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ECHA proposes action on microplastics


The European Chemicals Agency (ECHA) has, as requested by the European Commission a year ago as part of the EU plastics strategy, submitted a proposal for the restriction of microplastic particles that are intentionally added to mixtures used by consumers and professionals. If this is adopted, the agency claimed, it could reduce the amount of microplastics released to the environment in the EU by about 400,000 tonnes/year over 20 years.


The proposal covers the market placement of microplastics “on their own or in mixtures, where their use will inevitably result in release to the environment, irrespective of conditions of use”. There are also labelling labelling requirement to minimise release in uses where it is not inevitable but could occur if they are not used or disposed of properly, and reporting requirement to improve the information available.


“Microplastics are a growing concern to a number of human rights. The steps proposed by ECHA are necessary to help ensure present and future generations can enjoy what is their human right: a clean, healthy and sustainable environment,” said Baskut Tuncak, the UN’s special rapporteur on hazardous substances and waste.


ECHA noted that there is cause for concern because of microplastics’ extreme persistence and potential for adverse effects or bioaccumulation, although their long-term effects on human health and the environment are as yet little understood. It also noted that most intentionally added microplastics accumulate in terrestrial environments, mainly in sewage sludge used as fertiliser, rather than in the oceans.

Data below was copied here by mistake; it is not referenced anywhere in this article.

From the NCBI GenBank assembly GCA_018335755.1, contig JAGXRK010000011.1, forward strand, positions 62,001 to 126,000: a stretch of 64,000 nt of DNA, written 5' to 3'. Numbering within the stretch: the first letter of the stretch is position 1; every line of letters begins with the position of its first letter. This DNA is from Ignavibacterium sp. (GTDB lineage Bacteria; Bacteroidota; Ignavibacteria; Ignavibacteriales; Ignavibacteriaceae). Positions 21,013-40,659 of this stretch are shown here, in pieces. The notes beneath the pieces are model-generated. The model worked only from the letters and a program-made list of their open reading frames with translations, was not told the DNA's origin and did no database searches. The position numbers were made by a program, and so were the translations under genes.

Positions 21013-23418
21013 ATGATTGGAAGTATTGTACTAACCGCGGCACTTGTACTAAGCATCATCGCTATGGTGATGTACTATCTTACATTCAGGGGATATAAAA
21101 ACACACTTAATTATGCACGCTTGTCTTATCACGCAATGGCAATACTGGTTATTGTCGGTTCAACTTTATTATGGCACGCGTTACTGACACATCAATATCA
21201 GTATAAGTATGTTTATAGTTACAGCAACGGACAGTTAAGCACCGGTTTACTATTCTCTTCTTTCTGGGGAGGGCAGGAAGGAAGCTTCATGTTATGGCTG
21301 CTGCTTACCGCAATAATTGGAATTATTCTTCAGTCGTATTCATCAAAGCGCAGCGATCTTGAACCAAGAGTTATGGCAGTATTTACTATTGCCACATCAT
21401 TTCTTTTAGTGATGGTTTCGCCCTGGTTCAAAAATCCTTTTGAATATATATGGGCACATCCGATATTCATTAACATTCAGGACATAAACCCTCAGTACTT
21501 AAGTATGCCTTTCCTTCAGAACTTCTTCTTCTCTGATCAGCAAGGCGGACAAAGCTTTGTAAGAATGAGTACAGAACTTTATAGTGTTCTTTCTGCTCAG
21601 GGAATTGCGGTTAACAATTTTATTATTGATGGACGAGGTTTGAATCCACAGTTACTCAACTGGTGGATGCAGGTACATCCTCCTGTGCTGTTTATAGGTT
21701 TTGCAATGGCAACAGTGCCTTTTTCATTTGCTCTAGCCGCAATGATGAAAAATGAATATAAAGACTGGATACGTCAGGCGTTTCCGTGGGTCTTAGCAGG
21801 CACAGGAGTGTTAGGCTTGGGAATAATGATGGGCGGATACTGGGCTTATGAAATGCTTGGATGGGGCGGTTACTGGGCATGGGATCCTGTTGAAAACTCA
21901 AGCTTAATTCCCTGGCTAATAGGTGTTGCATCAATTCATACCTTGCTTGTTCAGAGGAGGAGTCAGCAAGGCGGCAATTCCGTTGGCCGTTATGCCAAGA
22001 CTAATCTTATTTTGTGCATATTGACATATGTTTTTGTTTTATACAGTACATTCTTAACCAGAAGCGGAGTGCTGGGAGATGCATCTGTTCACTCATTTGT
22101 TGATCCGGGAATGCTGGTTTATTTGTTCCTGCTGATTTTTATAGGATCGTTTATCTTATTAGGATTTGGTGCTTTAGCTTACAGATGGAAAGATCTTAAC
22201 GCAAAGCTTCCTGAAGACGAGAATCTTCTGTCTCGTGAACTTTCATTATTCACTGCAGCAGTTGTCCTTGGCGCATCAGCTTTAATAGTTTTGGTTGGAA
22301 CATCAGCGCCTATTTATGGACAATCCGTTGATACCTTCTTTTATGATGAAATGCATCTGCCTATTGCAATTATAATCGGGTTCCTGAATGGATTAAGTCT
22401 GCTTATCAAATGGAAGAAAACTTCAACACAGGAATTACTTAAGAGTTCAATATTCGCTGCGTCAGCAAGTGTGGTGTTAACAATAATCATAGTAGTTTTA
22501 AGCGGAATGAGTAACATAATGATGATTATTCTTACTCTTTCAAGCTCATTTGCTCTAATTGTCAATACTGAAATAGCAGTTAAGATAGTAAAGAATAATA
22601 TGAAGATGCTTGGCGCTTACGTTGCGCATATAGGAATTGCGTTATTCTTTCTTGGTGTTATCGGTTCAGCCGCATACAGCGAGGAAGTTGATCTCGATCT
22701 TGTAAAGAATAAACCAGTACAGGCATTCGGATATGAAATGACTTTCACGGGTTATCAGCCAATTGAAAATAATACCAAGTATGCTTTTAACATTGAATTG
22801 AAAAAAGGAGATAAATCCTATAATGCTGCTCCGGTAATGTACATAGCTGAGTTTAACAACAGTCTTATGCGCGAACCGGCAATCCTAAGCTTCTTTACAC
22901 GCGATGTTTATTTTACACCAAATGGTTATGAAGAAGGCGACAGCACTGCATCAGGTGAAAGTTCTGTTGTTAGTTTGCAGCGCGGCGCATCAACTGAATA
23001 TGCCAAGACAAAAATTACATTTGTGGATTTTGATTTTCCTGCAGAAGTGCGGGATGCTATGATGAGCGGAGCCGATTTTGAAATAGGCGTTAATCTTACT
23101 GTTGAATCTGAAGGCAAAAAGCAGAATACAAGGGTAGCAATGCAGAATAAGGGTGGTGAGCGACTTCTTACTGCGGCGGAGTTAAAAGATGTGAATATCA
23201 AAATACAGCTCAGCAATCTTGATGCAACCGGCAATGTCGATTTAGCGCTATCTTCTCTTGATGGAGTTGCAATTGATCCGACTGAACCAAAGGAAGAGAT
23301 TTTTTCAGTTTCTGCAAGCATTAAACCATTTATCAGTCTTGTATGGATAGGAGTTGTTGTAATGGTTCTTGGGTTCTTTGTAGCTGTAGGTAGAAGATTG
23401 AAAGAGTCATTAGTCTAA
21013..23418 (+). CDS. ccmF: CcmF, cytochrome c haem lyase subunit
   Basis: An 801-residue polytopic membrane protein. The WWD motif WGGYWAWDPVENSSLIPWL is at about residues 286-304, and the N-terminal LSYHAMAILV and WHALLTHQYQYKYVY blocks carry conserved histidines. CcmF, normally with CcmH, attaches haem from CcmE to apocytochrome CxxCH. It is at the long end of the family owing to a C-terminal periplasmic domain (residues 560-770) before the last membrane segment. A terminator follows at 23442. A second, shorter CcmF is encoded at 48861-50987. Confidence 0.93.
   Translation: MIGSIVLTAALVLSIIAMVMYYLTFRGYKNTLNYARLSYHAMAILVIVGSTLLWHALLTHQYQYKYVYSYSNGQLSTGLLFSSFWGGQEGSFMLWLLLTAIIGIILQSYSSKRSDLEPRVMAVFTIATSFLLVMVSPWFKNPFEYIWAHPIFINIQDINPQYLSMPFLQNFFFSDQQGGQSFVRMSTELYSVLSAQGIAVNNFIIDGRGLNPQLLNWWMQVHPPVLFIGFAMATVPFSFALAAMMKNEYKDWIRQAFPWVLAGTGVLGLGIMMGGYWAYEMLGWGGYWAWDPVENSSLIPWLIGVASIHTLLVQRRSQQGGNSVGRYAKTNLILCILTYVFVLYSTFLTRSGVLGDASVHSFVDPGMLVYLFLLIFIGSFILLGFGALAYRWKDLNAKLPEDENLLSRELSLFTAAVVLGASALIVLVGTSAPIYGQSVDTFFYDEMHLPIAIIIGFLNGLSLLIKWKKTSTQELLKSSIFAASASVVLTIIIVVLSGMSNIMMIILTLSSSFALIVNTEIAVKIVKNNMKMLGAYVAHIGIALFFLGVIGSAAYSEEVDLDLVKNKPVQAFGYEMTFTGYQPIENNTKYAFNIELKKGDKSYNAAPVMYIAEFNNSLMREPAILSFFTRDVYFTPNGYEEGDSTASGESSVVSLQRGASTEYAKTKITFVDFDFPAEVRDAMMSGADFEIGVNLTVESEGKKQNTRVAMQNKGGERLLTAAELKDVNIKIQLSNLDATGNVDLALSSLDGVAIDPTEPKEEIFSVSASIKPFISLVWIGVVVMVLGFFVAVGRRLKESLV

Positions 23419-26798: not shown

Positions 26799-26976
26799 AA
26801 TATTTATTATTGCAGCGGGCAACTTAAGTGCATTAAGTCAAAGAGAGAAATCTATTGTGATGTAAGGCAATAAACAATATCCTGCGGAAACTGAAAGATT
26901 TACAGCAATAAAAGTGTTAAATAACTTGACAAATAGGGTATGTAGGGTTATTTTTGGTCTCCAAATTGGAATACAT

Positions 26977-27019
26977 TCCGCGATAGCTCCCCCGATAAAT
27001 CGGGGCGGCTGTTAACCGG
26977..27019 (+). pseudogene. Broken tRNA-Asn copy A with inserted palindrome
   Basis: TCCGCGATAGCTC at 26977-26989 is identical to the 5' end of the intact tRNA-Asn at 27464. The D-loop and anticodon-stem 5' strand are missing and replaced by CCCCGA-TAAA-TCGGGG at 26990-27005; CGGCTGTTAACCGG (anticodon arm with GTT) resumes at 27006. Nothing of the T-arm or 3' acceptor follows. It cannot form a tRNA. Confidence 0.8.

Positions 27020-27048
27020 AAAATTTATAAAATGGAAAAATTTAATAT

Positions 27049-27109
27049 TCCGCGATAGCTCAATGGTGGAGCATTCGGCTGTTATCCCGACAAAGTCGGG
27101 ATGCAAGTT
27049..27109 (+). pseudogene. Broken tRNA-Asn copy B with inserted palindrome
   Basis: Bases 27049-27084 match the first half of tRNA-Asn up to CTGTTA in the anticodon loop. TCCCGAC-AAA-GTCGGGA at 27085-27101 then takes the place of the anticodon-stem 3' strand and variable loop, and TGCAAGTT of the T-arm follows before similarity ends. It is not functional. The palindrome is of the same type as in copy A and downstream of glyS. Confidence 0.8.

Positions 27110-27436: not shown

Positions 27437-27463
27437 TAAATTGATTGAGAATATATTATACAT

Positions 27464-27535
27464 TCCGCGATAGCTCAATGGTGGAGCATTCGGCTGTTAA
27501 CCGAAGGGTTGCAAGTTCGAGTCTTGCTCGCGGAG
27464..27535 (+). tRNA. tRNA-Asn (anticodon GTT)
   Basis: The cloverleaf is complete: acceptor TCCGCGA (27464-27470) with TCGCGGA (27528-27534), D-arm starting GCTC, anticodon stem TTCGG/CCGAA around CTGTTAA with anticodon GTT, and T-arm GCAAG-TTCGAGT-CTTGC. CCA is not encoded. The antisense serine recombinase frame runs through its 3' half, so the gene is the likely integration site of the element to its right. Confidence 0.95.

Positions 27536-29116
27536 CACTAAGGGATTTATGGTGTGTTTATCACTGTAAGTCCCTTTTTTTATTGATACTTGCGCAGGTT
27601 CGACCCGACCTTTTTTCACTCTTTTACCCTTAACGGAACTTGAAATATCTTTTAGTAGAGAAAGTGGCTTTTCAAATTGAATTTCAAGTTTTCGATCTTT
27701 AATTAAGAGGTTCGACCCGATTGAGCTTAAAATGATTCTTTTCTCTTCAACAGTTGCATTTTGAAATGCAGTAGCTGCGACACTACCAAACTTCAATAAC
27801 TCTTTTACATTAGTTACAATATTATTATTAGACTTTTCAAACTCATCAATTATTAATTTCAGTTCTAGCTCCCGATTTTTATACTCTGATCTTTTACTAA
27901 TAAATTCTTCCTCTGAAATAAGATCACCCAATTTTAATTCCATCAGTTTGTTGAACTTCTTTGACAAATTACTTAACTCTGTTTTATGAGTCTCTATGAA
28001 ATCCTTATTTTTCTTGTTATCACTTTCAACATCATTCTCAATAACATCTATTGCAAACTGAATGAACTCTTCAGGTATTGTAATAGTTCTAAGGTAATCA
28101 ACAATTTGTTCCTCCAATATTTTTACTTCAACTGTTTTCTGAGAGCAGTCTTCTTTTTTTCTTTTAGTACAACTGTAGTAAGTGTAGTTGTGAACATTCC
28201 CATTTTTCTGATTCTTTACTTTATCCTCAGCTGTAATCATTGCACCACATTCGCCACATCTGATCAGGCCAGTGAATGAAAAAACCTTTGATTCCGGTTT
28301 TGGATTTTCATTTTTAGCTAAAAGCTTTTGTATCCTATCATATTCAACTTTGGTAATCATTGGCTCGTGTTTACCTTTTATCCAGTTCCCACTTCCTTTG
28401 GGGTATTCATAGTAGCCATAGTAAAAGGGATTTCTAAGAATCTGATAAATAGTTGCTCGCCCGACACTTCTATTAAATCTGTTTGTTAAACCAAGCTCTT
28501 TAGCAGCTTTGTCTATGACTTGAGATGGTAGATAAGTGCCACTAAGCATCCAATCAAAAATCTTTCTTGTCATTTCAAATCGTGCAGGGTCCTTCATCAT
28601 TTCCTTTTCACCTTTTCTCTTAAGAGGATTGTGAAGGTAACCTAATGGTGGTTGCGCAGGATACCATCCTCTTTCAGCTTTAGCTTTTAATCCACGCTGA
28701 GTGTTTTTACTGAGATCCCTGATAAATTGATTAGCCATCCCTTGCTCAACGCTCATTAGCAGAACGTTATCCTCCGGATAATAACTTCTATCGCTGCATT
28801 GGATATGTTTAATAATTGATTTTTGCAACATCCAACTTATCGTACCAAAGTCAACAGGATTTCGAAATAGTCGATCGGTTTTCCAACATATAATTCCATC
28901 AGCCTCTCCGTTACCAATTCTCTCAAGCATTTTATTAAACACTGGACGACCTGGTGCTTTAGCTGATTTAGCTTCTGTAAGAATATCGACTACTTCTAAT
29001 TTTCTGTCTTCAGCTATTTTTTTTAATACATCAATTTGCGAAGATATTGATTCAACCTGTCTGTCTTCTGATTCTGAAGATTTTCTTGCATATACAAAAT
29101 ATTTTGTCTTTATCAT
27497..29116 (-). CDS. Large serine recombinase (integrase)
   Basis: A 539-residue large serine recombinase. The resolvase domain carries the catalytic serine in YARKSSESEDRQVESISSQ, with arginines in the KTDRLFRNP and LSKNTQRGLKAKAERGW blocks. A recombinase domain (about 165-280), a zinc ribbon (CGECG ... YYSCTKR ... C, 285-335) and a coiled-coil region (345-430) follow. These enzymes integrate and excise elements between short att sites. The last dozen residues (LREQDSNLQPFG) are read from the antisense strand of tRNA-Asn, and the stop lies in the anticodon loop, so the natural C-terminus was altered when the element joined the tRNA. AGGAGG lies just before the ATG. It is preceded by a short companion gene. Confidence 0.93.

In the proposal, microplastics are defined as synthetic polymer particles of <5 mm that resist (bio)degradation. It covers uses in many sectors, including cosmetics, detergents and maintenance, paints and coatings, construction, medical devices and diagnostics, agriculture and horticulture, and oil and gas. ECHA added that there will be associated costs but expects the restriction to be cost-effective in all sectors.

Specific transitional arrangements have been proposed for some applications. Microplastics - other than microbeads, which are already the subject of a voluntary phase-out by 2020 - will have to be substituted in detergents, waxes and polishes within five years, while in cosmetics there are different four- and six-year deadlines, other than for microbeads used in rinse-off cosmetics, which are also being phased out and have been the subject of restrictions by some individual member states.

The next steps will be a conformity check by ECHA’s scientific committees in March, then a public consultation on the dossier and scientific opinions from the agency’s Risk Assessment and Socio-Economic Analysis committees. If the proposal clears all these hurdles, it should return to the EC for a decision in early 2020.


Environmental NGOs broadly welcomed the measure but some regard it as too limited or lacking in urgency. Some particularly pointed to the 176,000 tonnes/year of microplastics that are unintentionally released into surface waters in the EU, mostly from road tyre wear and preproduction pellets, dwarfing the amount added intentionally.

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